I must interrupt the Minister.

Perhaps I might finish this sentence as it might be of assistance to the Deputy.

The death rate in the Defence Forces from self-inflicted injuries in the period 2000 to 2010, when lariam was being prescribed, was 0.24%. The death rate from self-inflicted injuries in the period 1989 to 1999, when lariam was not being prescribed, was 0.32%, which is higher than the death rate in the period when lariam was being prescribed.

Additional information not given on the floor of the House

Lariam must remain in the formulary of medication prescribed by the medical corps for Defence Forces personnel on appropriate overseas missions, particularly those in sub-Saharan Africa, to ensure that our military personnel can have effective protection from the very serious risks posed by this highly dangerous disease.

Obviously, the Minister and his departmental officials are determined to defend the use of lariam and he has provided statistics which is fair enough. Why did the United States Government, which has one of the largest defence forces in the world, stop using lariam if everything the Minister has said about there being no concern over its use is accurate?

The answer is very simple. I understand the United States forces stopped using the medication owing to concerns about inadvertent prescribing to soldiers who should not take it. In this regard I am advised that the US authorities undertook mass administration of lariam for soldiers serving in areas subject to malaria without any individual screening of personnel. That is the difference between what the Defence Forces in this State do and what was occurring in the United States. The recommendation and protocols that apply here require the screening of each member of the Defence Forces with regard to the taking of lariam, to identify whether there are any contraindications that could give rise to an issue of concern.

Lariam is prescribed for a period of time prior to members of the Defence Forces going abroad on a mission in order to identify any reaction that might occur. The Defence Forces here do not mass prescribe, but follow all the instructions issued by the Irish Medicines Board in order to fully screen out personnel who may potentially have an adverse reaction to the medication. That is the crucial difference between us and the United States defence forces. In this context it is important to emphasise that this is about ensuring that members of our Defence Forces on UN missions do not contract malaria, which is crucial because one should never forget that malaria kills.

I understand the screening is for mental health issues that may be there and of course it would not be prescribed if that was the case. Mental health screening is very precarious. Many people do not acknowledge that they have mental health difficulties until a certain stage in their lives. That particular screening is fraught with difficulties.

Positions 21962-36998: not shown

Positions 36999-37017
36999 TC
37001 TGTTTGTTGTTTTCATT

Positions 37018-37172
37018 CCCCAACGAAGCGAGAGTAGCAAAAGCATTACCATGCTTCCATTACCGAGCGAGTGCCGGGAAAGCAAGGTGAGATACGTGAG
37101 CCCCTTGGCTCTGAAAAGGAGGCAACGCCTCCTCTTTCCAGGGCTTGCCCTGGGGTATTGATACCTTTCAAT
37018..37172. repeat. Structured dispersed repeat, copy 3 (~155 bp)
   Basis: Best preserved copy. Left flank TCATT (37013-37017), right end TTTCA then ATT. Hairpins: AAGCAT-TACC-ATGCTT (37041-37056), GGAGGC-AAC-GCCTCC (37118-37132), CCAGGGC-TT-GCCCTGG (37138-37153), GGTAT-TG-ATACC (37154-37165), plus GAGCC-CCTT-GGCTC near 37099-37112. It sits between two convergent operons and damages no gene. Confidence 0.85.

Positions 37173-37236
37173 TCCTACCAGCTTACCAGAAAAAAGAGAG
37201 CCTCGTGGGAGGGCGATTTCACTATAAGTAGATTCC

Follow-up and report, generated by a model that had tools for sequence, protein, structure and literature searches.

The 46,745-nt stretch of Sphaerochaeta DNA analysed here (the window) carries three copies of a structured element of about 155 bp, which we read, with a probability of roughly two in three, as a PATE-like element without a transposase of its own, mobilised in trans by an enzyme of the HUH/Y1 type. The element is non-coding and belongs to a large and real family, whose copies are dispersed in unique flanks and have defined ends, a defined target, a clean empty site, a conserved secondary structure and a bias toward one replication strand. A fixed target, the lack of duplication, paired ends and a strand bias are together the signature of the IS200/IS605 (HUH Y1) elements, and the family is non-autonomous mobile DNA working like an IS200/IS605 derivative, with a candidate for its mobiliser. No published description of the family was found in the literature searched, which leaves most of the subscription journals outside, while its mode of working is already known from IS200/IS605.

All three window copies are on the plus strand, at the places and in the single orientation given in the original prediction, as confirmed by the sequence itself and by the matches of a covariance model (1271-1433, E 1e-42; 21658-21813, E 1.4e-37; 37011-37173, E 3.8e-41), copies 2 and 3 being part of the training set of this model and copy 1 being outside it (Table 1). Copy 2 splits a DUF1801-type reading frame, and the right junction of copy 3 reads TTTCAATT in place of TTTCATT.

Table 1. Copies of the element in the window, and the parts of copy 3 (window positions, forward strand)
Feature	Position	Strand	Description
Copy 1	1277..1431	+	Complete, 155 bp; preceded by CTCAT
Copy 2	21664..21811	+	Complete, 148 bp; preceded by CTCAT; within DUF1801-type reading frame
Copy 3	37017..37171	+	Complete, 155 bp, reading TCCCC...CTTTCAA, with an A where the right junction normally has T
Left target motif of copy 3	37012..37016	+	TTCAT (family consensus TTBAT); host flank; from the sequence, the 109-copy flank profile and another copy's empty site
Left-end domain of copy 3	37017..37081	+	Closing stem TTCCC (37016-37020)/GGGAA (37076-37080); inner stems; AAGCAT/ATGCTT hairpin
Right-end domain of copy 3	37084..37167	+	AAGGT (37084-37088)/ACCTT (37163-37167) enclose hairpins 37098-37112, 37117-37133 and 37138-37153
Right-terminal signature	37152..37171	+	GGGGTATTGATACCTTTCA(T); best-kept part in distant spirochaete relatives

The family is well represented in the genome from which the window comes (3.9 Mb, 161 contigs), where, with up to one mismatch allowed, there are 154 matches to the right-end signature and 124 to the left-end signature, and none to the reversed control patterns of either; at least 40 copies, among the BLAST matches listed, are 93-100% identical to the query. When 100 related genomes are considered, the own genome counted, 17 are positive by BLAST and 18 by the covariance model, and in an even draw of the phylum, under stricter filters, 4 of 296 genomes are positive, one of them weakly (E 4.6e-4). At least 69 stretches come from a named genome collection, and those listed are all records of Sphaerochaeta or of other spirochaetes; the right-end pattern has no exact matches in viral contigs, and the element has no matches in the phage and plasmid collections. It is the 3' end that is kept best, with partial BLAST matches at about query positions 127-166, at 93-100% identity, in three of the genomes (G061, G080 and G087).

Can the Minister confirm that the use of lariam is not cost related and is absolutely based on the best possible medical protection that can be given to members of the Defence Forces?

The decision to prescribe lariam is not based on cost but based on it being the appropriate medication to prescribe to provide protection against malaria for members of the Defence Forces going to particular regions. I remind the Deputy that the Irish Medicines Board is the statutory authority with responsibility for the quality, safety and efficacy of medicines for use in Ireland. That applies to all medicines and not just lariam. It does not have a special role simply with regard to the Defence Forces. For any prescription medicines that the Deputy, I or any other Member of this House might take, we are reliant on the best advices and expertise of the Irish Medicines Board.

Following approval and use of a medicine, the IMB monitors the type and frequency of any reported side effects. As product usage increases more information on safety profile becomes available. Further decisions and recommendations regarding its use are made by the IMB and its international counterparts. The Defence Forces comply fully with IMB guidelines on the prescription of medicines for members of the Defence Forces. Defence Forces policy is firstly to screen personnel for medical suitability and fitness to serve abroad.

Fitness to serve abroad is defined by medical classification code. Personnel who do not achieve the specific code are deemed to be medically unfit for overseas service. This automatically rules them out.